Bashar al-Assad’s victory in the Syrian elections indicates that the Syrian government is now clearly in a much stronger position than it was just six months ago. Yet will it bring more stability to the country?
People hold portraits of Syrian President Bashar Assad outside a polling station in Damascus on June 3, 2014. Meanwhile, Syria's opposition activists described the presidential election as a "blood election", with Syria's civil war in full swing. Photo: AP
Despite the civil war and economic problems, elections have been held in Syria. On June 3, Syrian citizens went to the polls to elect their president, and there is little doubt that this will once again be Bashar al-Assad. These elections are likely to lead to positive consequences: The reigning leader may have strengthened his legitimacy and can now begin the process of pacification in the country, which is tired of the conflict that started in March 2011.
The military campaign has also been relatively successful in recent days. After the battle of Al-Qusayr, the situation has been slowly but surely moving in favor of the Syrian government’s army. Recent developments in the Kalamun Gorge, the capitulation in Homs and other setbacks suffered by the armed opposition show that the disparity in strength between the two forces. Syrian authorities are making military gains, forcing out uncompromising militants and creating the conditions for internal political dialogue to begin.
However, all of this was made possible thanks to several factors. First, Russia prevented a repeat of the military intervention scenario that was previously played out in Libya. In the autumn of 2013, the U.S. was ready to launch a military strike, which would have seriously complicated the position of the Syrian government. However, a successful initiative on chemical weapons, which was a real triumph for Russian diplomacy, resulted in Washington being obliged to abandon its planned attack on Syria. Moscow also continued to provide military assistance to Damascus, fulfilling Russia’s obligations under previously concluded contracts.
However, in connection with the recent events in Ukraine, Russian-American cooperation on Syria is on the verge of collapsing. The United States has announced plans to supply arms to the rebels. However now, in military terms, government troops are feeling much more confident. If Washington does not undertake direct military intervention (and today, after Damascus has agreed to give up its chemical weapons, such an intervention would be very difficult to justify), then the regime of Bashar al-Assad will survive.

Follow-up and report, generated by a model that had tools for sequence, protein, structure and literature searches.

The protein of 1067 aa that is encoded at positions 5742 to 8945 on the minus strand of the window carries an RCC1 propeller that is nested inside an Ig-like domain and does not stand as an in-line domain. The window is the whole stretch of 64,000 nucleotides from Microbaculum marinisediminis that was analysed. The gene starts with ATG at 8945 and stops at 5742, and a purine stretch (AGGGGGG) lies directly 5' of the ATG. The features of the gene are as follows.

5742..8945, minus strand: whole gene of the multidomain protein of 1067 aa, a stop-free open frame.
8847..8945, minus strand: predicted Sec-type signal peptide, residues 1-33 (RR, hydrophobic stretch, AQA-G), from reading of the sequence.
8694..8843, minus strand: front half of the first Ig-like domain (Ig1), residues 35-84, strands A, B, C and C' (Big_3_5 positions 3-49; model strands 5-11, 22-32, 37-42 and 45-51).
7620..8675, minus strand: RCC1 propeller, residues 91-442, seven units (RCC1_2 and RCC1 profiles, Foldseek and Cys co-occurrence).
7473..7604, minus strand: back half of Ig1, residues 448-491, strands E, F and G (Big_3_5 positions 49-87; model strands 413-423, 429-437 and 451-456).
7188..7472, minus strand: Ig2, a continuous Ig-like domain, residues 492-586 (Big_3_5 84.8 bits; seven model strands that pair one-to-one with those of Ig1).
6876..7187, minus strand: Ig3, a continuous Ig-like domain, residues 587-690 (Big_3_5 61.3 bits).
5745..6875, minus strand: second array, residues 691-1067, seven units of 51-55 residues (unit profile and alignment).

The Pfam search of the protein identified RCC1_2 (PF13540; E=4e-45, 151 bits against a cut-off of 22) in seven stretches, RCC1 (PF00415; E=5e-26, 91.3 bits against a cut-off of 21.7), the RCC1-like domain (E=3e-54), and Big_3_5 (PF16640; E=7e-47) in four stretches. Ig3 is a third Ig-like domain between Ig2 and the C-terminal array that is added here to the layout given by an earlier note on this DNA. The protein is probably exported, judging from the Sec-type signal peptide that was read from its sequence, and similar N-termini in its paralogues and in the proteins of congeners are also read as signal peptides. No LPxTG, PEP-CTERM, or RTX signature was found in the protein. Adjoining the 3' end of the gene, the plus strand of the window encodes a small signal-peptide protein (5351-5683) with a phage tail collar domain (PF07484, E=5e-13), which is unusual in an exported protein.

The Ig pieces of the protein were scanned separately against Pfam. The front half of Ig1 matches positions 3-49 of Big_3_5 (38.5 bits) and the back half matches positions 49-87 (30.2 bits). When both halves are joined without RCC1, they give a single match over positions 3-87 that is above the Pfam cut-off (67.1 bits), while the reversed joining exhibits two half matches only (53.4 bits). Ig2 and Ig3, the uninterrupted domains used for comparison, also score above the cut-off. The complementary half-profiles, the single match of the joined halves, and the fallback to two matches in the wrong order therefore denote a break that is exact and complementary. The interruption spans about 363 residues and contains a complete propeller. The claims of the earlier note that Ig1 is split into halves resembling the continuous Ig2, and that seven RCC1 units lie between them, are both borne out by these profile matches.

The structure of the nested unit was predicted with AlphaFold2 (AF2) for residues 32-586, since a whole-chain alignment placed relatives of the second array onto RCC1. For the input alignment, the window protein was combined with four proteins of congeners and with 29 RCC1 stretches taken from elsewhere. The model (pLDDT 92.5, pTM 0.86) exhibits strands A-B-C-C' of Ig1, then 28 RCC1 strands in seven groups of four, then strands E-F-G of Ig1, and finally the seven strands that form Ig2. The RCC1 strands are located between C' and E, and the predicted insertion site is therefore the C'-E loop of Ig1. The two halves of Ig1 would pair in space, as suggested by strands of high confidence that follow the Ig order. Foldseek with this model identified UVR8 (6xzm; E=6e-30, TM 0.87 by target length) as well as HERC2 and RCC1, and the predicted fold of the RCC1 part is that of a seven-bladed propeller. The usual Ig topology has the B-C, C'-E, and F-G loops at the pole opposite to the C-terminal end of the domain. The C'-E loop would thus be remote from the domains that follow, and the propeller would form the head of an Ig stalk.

In general, the protracted political crisis in Ukraine and the subsequent coup have significantly diverted the attention of the U.S. and its allies from events in Syria. And Assad was wise to take advantage of this pause. Now, judging by the way events are developing in Ukraine, Washington will have trouble “remembering” its plans in Syria, and the Syrian president will have carte blanche to resolve the situation in his country.
Finally, today Assad enjoys considerable public support, while sympathy for the opposition, tarred by their involvement in resonant war crimes, keeps falling. He is seen by Syrians as the only leader on the national scale, with no alternatives in sight.
In addition, serious problems also arose with the financing of the opposition. One of the reasons for the recent government successes is that the rebels have lost their chief sponsors. Both Saudi Arabia and Qatar, which before had actively supported the war against the Syrian government, now, for various reasons, have withdrawn their assistance. Finally, the coming to power in Egypt of Abdel Fattah el-Sisi has led to the largest Arab state to revise its previously unfriendly policy towards Damascus.
Assad’s victory in the elections and a shift in the course of the civil war in favor of government forces might give reasons to hope that the situation in Syria can gradually improve. Most likely, the United States will not recognize the results of the elections in Syria. Russia, to the contrary, will likely recognize them.
However, this will not change anything, because the Syrian government is now clearly in a much stronger position than it was just six months ago. Thus, the main consequences of the elections in Syria will be the relative stabilization of the situation in the country and the emergence of new opportunities to achieve a full de-escalation of the civil war.
The opinion of the author may not necessarily reflect the position of Russia Direct or its staff.